I lost an online friend yesterday. We never met in person, but, when I heard the news, I sat on our steps and cried. She was a very kind lady, with a vibrant spirit, who loved nature, especially her beloved mountains, and was so appreciative of life, even when, before the lung transplant she got a few years ago, she'd accepted she might not make. I stitched a quilt square for her last fall. I'm still wrapping my head around how she could have survived a lung transplant and we lost her after surgery to remove a cyst from her back. I am so sorry she's not going to be here anymore, at least not in human form, but she is home, and she's healthy, and Heaven has a new angel this Christmas. I don't have much else to say today, but I found this. Lee would have liked it, I think.
The sides of the path were covered with white snow, but in the center, its whiteness was turned brown by the tramping of hundreds of hurrying feet. It was the day before Christmas. People rushed up and down the path carrying bundles, laughing and calling to each other.
Above the path, the long arms of an ancient tree reached up toward the sky. It swayed as strong winds grasped its branches and bent them toward the earth. Down below a haughty laugh sounded, and a lovely fir tree stretched its thick green branches, sending a fine spray of sparkling snow toward the ground.
"I should think," said the fir in a smug voice, "that you would try a little harder to stand still. Goodness knows you're ugly enough with the leaves you've already lost. If you move around anymore, you'll soon be quite bare."
"I know," answered the old tree. "Everything has put on its most beautiful clothes for the celebration of Christmas. Even from here I can see the decorations shining from each street corner, and yesterday some men came and put the loveliest lights on every tree along the path - except me, of course." He sighed softly, and a flake of snow melted in the form of a teardrop and ran down his gnarled trunk.
"Oh, indeed! And did you expect they would put lights upon you so your ugliness would stand out even more?" mocked the fir.
"I guess you're right," replied the old tree in a sad voice. "If there were only somewhere I could hide until after the celebrations are over, but here I stand, the only ugly thing among all this beauty. If they would only come and chop me down," he sighed sorrowfully.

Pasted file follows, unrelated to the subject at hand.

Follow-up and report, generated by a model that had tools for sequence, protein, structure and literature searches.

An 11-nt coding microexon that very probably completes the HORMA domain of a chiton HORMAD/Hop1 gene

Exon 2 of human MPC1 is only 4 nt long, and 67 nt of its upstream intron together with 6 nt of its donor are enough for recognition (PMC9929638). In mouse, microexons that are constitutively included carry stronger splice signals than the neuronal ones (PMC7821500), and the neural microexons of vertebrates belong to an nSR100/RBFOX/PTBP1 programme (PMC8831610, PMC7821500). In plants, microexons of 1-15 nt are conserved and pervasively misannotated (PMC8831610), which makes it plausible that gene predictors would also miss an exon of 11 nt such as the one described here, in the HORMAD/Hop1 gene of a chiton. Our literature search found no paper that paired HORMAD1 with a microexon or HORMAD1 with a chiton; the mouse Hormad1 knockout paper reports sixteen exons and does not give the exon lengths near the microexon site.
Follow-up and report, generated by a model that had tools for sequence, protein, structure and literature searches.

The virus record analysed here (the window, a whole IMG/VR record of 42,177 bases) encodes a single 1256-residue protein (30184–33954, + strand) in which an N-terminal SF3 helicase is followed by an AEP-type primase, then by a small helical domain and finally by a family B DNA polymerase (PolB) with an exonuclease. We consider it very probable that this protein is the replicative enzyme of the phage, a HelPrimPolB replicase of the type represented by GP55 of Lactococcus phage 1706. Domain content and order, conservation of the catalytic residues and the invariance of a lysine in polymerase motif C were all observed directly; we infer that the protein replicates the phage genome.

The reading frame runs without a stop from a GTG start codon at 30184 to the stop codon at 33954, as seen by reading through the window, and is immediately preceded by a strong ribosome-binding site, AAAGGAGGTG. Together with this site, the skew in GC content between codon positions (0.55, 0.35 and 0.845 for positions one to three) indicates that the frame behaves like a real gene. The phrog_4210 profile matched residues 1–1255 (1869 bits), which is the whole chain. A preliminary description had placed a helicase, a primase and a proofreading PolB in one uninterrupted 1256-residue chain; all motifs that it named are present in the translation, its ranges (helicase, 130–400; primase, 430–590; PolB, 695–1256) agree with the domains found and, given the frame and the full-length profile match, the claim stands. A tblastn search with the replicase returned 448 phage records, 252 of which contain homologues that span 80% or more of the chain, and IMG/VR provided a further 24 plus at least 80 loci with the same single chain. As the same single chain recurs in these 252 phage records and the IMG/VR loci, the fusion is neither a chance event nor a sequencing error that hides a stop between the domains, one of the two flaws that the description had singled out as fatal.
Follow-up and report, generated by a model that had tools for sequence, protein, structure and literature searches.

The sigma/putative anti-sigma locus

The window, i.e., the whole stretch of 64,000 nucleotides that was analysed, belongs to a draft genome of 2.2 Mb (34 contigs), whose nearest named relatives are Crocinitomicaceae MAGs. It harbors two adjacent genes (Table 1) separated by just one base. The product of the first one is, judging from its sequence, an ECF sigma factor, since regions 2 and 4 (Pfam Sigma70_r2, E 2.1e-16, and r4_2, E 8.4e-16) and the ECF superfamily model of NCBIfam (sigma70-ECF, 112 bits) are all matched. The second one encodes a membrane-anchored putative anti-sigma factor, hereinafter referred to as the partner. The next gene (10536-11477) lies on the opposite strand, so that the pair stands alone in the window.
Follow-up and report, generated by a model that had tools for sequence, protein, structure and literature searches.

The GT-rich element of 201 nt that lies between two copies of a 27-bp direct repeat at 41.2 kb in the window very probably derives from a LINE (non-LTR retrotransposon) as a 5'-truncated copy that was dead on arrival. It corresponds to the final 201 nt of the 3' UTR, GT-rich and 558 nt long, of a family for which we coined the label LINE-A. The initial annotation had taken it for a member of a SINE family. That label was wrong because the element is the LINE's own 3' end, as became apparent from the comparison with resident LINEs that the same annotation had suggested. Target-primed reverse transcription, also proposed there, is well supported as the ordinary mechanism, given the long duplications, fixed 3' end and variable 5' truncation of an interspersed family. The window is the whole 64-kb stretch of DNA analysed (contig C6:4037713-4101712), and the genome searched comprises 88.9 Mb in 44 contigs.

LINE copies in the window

"Well, I don't wish you any ill will," replied the fir, "but you are an eyesore. Perhaps it would be better for us all if they came and chopped you down." Once again he stretched his lovely thick branches. "You might try to hang onto those three small leaves you still have. At least you wouldn't be completely bare."
"Oh, I've tried so hard," cried the old tree. "Each fall I say to myself, 'this year I won't give up a single leaf, no matter what the cause,' but someone always comes along who seems to need them more than I do," and he sighed once again.
"I told you not to give so many to that dirty little paper boy," said the fir. "Why, you even lowered your branches a little so that he could reach them. You can't say I didn't warn you."
"Yes," the old tree replied. "but they made him so happy. I heard him say he would pick some for his invalid mother."
"Oh, they all had good causes," mocked the fir. "That young girl, for instance, colored leaves for her party indeed! They were your leaves!"
"She took a lot, didn't she?" said the old tree, and he seemed to smile.
Just then a cold wind blew down the path and a tiny brown bird fell to the ground at the foot of the old tree and lay there shivering, too cold to lift his wings. The old tree looked down in pity and quickly let go of his last three leaves. The golden leaves fluttered down and settled softly over the shivering little bird, and it lay there quietly under the warmth of them.
"Now you've done it" scolded the fir. You've given away every single leaf! Christmas morning you'll make our path the ugliest sight in the whole city."
The old tree said nothing. Instead he stretched out his branches to gather what snowflakes he could so they wouldn't fall on the tiny bird. The young fir turned away in disgust, and it was then he noticed a painter, sitting quietly a few feet from the path, intent upon his brushes and canvas.
The fir turned back to the old tree and said in a haughty voice, "At least keep those bare branches as far away from me as possible. I'm being painted and I don?t want you to mar the background."
"I'll try," replied the old tree. And he raised his branches as high as possible. It was almost dark when the painter picked up his easel and left. The little fir was tired and cross from all his preening and posing.
Christmas morning he awoke late, and as he proudly shook away the snow from his lovely branches, he was amazed to see a huge crowd of people surrounding the old tree, ah-ing and oh-ing as they stood back and gazed upward. Even those hurrying along the path had to stop for a moment to sigh before they went on.
"Whatever could it be?" thought the haughty fir, and he looked up to see if perhaps the top of the old tree had broken off during the night.
Just then a paper blew from the hands of an enraptured newsboy and sailed straight into the young fir. The fir gasped in amazement, for there on the front page was a picture of the painter holding his painting of a great white tree whose leafless branches, laden with snow, stretched upward into the sky. Down below lay a tiny brown bird almost covered by three golden leaves. And beneath the picture were the words, "The most beautiful thing is that which has given all."
The young fir quietly bowed its head beneath the great beauty of the humble old tree.